During this time of change the Albert Gallatin Area School District name remained the same while the schools took on a different identity. The high school became known as the Tri-Valley High School. The reign of the Tri-Valley Griffins lasted for six years. During the 1992-1993 school year, the school board voted to change the name of the schools to reflect the district's name and to honor our historic namesake.

The District is composed of four contingent townships: German, Georges, Nicholson and Springhill, along with four boroughs: Fairchance, Masontown, Point Marion and Smithfield. It is located in the southwestern section of Fayette County. The school district is approximately 144 square miles, bordered by the state of West Virginia to the south, Greene County to the west, and the neighboring school districts of Brownsville Area, Uniontown and Laurel Highlands to the north and east. The major highways are U.S. Rt. 119, PA Toll-43 and State Rt. 21.

As Secretary of the Treasury, Albert Gallatin found the resources to buy the Louisiana Purchase and for its exploration, and to build the roads and canals to help a young nation survive and thrive. Before and after this, he was intimately involved in such things as the Whiskey Rebellion and the Treaty of Ghent.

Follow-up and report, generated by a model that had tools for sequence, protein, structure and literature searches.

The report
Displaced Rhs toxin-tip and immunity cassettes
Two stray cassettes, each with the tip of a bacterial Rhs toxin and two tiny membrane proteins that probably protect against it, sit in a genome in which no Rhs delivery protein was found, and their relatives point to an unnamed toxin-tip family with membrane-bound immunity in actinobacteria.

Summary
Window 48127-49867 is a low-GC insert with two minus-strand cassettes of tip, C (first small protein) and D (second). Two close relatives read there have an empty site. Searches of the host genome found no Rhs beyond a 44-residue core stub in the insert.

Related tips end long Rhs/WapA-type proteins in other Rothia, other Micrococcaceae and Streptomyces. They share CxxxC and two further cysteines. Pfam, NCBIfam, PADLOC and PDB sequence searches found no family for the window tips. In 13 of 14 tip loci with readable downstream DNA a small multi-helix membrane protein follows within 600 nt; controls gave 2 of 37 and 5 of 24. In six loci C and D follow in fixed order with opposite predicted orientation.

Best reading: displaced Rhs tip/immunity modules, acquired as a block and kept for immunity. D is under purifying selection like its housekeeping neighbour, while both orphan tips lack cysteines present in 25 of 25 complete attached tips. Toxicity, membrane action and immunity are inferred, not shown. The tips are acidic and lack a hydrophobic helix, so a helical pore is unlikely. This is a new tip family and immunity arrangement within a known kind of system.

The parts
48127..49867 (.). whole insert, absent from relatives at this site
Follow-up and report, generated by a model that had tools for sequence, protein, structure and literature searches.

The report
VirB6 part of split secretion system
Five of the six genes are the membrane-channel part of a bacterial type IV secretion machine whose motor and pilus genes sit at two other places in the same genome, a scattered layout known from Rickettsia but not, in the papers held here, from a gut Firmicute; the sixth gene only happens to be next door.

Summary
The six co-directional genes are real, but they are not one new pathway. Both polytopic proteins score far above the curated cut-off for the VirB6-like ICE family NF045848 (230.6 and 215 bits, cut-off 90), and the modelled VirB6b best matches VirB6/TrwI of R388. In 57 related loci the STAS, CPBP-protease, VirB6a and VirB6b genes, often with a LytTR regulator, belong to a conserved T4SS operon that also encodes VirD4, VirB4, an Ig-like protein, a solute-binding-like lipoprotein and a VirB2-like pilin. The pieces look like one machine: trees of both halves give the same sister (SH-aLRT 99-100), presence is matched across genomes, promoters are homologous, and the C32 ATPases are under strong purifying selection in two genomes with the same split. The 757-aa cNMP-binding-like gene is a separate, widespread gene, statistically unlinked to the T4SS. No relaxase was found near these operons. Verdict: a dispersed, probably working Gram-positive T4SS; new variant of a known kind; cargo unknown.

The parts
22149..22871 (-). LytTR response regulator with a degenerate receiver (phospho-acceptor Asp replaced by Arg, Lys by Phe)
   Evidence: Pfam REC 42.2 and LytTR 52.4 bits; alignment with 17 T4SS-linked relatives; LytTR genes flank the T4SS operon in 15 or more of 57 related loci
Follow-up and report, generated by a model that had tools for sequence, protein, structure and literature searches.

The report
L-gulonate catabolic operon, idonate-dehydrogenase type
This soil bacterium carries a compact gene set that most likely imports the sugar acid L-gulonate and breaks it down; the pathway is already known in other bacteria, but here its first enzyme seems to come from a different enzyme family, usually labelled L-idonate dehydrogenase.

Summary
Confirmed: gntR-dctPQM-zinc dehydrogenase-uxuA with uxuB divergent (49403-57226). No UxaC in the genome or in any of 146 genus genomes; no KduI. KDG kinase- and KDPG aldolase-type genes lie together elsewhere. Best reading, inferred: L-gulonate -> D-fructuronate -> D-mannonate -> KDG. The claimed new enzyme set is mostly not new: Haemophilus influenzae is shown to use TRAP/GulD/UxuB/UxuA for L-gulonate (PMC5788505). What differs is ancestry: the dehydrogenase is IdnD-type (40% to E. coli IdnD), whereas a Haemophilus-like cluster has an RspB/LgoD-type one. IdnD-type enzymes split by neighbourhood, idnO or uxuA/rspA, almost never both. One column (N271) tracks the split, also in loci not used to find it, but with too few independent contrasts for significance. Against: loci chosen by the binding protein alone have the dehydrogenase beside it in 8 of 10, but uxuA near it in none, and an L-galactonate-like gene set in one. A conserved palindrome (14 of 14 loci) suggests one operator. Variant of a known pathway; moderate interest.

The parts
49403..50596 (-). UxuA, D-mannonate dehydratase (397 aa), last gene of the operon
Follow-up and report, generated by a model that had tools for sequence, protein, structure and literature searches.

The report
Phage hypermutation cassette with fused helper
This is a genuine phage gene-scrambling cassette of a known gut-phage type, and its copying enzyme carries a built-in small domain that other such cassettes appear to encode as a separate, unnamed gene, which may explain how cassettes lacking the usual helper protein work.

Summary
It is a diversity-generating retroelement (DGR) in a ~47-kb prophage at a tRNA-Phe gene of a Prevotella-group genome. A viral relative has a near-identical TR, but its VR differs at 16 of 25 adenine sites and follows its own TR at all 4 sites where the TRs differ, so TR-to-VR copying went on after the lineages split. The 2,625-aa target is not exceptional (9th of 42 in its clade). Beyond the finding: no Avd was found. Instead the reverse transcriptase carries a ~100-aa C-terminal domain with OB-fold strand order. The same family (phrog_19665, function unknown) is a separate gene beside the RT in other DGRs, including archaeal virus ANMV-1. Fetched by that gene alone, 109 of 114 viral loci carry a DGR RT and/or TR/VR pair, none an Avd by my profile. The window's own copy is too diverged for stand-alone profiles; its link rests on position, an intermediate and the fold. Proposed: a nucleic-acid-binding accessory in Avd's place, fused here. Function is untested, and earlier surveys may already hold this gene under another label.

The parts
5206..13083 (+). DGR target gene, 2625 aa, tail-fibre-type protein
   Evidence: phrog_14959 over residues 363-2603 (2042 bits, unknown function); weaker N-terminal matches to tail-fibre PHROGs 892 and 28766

Albert Gallatin was an immigrant from Geneva, Switzerland. He lived for a brief time in Boston and Virginia before making his home on the Pennsylvania frontier. During the days of the Whiskey Rebellion, the first great test of the power of the Federal Government, Gallatin played a leading role, though he was much more moderate than many, and advocated against breaking with the government.

Gallatin served briefly as a Senator and a Representative from Pennsylvania, where he showed great insight into the financial problems of the new nation. When elected President, Jefferson appointed him Secretary of the Treasury, where he served for 13 years under Presidents Jefferson and Madison. It was as Secretary of the Treasury that Gallatin arranged for the funding to buy the Louisiana Purchase, and for the exploration of it. When Lewis and Clark explored the new lands, they found where three rivers formed the beginnings of the Missouri River. They named these three rivers after whom they felt were three of the most important Americans alive - Jefferson, Madison, and Gallatin. He also supported and financed many internal improvements, such as roads and canals, so necessary for the transportation of goods from one section of the country to another. An example of such a project would be the Treaty of Ghent, the treaty that ended the War of 1812. He also served as Minister to both England and France.

In 1817, retired from public service, Gallatin moved to New York. Here he became the President of the National Bank of the City of New York and founded New York University. Gallatin died on August 12, 1849 at the age of 88.